Protapion fulvipes (Geoffroy, 1785)

Female
This is our most common and widespread species of Apionidae, being found throughout the British Isles including the Scottish islands. They feed on clover and may be obtained by sweeping from late March onwards. Found throughout the Watford area, the presence of its foodplant is not necessary as the highly adventitious adults have been swept from most situations, having said that there cannot be many places where the host plant does not occur! Larvae feed within the flowerheads and are a pest of commercially grown clover (Morris). The species is said to prefer pink or white flowering forms of Trifolium repens or T.hybrida .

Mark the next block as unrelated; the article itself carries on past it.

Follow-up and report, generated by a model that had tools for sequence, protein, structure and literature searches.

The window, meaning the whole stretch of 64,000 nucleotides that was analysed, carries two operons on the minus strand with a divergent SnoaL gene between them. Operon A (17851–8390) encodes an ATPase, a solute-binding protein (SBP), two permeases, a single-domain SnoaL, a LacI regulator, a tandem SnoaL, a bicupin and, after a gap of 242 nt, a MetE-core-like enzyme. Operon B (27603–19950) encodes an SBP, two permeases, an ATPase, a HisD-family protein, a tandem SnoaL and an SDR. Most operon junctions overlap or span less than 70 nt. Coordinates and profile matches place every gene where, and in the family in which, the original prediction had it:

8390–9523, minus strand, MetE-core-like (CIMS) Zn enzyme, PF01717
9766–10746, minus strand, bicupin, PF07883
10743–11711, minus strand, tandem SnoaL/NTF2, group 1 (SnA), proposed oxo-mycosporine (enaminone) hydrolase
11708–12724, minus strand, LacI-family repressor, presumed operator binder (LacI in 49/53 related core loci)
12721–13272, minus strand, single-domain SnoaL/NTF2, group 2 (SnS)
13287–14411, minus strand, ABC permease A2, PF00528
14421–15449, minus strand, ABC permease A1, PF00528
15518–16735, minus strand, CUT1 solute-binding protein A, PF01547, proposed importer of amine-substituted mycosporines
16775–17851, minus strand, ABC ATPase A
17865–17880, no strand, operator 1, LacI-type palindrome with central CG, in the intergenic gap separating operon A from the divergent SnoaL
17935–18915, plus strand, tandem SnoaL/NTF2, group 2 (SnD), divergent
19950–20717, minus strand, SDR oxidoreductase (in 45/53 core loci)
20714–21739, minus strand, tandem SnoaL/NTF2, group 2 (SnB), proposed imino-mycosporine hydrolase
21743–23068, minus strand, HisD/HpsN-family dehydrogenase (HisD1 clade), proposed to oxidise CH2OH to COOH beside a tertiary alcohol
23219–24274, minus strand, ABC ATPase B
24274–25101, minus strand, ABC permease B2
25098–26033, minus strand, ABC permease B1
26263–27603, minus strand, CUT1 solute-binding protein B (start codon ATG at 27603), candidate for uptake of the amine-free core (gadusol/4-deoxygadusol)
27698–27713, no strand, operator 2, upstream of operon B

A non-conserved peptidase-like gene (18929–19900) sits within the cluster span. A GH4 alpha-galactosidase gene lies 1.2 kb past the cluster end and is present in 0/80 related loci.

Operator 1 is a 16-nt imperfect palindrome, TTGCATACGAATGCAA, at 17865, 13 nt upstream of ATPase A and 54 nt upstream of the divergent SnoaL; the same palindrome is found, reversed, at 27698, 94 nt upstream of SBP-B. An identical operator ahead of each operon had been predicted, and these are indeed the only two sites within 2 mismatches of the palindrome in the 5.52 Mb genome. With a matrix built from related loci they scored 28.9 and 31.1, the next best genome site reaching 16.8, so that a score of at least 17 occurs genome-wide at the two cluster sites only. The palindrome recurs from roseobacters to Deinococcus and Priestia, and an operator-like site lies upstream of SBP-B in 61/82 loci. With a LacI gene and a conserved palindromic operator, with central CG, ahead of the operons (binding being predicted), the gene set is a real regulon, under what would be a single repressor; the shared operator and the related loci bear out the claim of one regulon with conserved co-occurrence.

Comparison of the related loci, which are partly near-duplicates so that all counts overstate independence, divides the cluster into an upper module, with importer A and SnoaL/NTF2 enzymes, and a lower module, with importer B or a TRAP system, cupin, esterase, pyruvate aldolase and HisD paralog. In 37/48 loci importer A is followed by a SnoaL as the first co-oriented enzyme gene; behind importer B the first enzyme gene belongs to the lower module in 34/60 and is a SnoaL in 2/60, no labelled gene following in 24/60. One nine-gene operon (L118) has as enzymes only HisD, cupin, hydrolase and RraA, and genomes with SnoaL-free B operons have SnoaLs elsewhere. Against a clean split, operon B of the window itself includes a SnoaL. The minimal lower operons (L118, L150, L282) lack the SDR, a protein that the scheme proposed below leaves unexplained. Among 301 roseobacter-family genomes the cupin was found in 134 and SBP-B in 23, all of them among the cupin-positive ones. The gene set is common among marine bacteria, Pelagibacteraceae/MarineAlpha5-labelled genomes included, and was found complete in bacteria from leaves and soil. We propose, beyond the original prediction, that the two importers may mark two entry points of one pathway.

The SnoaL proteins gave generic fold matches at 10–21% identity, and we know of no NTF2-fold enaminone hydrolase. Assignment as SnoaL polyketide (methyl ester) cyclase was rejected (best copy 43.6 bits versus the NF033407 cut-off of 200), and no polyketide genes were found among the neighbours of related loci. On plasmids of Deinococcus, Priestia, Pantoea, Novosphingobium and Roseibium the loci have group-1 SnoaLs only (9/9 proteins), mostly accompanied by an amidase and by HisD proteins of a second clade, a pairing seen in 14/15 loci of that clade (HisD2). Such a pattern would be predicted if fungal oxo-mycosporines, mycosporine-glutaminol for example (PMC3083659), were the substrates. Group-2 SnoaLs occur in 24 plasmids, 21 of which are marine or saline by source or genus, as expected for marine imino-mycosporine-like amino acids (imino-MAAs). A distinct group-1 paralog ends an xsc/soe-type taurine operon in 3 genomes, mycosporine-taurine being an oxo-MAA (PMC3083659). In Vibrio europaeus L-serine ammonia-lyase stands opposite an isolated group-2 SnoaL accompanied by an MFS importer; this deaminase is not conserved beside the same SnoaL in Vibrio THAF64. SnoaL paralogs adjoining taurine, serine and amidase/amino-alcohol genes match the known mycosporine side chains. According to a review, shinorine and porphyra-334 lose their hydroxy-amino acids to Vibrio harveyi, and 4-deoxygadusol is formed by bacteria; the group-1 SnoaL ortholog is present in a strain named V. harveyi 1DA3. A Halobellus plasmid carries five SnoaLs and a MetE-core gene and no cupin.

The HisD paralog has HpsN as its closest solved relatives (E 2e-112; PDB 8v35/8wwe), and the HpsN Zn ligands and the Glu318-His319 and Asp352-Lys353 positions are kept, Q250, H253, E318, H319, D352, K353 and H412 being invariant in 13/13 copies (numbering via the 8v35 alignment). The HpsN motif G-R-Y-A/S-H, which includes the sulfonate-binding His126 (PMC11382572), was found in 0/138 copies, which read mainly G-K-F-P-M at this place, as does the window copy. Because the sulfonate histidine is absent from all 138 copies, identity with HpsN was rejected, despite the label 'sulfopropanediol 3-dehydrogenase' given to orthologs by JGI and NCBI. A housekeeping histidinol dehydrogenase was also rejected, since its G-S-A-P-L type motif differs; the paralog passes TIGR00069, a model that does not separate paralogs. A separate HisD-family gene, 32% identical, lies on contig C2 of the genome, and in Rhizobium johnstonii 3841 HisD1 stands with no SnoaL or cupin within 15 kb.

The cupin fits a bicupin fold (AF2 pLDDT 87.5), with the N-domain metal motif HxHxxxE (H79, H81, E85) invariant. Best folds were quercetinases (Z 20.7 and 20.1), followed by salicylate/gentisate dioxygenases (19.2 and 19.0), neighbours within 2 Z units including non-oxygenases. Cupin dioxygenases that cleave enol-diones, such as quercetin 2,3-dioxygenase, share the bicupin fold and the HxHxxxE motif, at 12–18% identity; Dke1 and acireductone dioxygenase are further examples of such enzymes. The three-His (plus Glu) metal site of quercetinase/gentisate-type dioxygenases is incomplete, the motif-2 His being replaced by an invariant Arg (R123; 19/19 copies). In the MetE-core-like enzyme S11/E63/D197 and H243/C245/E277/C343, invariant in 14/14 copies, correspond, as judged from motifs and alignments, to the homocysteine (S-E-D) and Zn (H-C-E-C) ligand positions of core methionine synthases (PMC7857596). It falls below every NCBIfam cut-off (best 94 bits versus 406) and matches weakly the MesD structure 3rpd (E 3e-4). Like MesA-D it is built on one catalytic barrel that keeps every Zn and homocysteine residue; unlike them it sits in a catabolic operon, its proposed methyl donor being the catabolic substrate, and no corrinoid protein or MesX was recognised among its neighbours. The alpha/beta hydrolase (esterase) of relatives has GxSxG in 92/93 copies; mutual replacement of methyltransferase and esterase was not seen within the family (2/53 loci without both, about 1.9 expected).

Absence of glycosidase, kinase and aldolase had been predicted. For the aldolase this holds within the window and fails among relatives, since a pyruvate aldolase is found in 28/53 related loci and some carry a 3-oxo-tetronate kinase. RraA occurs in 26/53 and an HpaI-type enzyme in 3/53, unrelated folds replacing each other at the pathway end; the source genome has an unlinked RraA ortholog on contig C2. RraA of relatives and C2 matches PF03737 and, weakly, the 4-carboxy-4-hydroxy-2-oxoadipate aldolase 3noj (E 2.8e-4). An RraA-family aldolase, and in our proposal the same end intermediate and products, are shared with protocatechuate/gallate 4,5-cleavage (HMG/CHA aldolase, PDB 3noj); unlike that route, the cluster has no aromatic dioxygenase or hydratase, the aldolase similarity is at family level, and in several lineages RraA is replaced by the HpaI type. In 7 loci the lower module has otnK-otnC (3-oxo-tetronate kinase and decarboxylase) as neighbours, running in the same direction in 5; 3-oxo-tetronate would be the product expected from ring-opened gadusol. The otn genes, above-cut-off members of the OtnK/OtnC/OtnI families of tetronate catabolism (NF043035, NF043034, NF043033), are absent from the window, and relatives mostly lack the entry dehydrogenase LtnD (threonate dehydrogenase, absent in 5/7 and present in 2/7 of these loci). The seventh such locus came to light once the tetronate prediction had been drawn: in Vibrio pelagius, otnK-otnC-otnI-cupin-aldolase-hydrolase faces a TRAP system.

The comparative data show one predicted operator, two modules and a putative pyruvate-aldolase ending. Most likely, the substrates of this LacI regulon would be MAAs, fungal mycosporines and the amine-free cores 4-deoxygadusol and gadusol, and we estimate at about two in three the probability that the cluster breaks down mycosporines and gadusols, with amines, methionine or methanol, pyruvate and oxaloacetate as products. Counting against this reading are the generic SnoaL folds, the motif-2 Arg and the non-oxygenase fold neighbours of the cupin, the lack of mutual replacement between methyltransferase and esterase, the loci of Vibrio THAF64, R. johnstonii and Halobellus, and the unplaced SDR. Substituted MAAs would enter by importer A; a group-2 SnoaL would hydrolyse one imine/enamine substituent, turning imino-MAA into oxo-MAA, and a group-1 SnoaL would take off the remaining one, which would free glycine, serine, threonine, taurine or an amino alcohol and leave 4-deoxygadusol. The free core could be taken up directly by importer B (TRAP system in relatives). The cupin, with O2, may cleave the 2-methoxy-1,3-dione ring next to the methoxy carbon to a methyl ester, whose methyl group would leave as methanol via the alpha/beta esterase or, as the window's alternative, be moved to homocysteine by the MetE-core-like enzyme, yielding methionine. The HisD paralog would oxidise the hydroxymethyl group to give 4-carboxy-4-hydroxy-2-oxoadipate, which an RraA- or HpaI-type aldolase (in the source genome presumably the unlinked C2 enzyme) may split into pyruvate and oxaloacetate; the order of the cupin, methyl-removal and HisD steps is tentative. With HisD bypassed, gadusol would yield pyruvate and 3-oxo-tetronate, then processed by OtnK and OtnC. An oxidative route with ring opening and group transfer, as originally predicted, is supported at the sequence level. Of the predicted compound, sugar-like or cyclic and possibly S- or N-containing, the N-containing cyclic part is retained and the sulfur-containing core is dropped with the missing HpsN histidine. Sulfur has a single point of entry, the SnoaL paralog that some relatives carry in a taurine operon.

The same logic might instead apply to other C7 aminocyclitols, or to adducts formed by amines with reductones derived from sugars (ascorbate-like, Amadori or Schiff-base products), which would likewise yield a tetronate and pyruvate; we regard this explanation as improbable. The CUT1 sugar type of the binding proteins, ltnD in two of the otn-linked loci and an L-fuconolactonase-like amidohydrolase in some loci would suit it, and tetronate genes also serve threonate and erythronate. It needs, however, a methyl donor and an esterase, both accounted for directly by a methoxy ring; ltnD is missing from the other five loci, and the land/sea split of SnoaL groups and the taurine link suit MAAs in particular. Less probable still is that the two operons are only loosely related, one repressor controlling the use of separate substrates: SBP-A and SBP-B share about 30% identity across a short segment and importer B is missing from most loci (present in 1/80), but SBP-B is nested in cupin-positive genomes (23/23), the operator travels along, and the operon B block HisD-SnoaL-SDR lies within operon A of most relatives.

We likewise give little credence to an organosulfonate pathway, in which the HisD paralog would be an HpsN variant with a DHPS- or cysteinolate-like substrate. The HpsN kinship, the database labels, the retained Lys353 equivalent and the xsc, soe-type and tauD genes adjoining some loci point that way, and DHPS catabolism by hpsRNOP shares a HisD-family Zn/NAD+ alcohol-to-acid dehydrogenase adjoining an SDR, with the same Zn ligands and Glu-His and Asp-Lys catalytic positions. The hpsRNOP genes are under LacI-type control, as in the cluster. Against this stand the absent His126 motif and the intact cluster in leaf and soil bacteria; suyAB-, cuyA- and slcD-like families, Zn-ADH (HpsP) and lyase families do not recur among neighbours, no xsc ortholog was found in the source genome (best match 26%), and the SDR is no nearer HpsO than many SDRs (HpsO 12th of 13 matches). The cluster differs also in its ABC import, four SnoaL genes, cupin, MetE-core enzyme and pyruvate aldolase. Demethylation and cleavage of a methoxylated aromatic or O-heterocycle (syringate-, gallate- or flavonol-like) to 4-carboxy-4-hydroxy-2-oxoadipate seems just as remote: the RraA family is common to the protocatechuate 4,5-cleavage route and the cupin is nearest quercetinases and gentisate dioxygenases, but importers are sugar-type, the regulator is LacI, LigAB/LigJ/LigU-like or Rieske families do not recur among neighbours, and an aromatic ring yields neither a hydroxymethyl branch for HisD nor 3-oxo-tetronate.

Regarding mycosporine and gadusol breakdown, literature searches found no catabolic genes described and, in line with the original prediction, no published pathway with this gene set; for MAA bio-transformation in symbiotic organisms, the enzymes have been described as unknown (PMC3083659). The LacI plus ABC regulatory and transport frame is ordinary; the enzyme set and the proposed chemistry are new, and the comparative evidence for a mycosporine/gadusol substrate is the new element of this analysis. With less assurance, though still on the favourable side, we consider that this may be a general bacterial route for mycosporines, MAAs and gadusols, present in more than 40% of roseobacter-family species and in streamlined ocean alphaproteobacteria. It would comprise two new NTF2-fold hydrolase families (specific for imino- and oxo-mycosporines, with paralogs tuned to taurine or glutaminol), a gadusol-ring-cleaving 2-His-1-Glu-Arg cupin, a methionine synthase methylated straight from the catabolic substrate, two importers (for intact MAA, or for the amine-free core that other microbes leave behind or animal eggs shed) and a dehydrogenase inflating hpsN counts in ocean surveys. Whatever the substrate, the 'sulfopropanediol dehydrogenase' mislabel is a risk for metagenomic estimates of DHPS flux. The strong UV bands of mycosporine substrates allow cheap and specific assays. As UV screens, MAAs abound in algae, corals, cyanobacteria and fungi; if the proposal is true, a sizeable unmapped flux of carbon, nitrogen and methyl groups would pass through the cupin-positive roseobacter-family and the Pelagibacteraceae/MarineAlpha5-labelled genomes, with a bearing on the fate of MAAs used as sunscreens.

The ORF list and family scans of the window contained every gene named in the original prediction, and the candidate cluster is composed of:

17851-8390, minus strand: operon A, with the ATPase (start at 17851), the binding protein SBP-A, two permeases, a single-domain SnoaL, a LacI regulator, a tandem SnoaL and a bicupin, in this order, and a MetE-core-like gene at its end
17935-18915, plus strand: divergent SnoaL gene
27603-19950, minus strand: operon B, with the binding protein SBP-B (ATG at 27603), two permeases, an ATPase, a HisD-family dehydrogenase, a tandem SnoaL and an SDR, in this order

1.5-2.2mm. Distinctive, shining dark grey to black, the surface looks like gunmetal. Very convex and slender, with long legs, especially the front pair. Rostrum long and cylindrical with antennae inserted midway (male) or behind middle (female). Scape and joints 1-2 of funiculus yellow, beyond this the segments become darker (P.nigritarse (Kirby)), club black and not so distinctly demarked from funiculus as in P.nigritarse. Thorax coarsely punctate with longitudinal impression towards base. Elytral striae deep, half the width of interstices on disc. Femora and tibiae yellow or with extreme apices infuscated, tarsi black with basal segment piceous yellow. Fore coxae black in female. Sparsely pubescent throughout (X40). P.nigritarse is the only species with which it might be confused.

Description from 2 Watford specimens at X30

For an account of the biology see Freeman, B.E. 1967. The biology of the white clover seed weevil, A. dichroum Bedel. Journ. Appl. Ecol. 4:535-552.

Male

Female

Male

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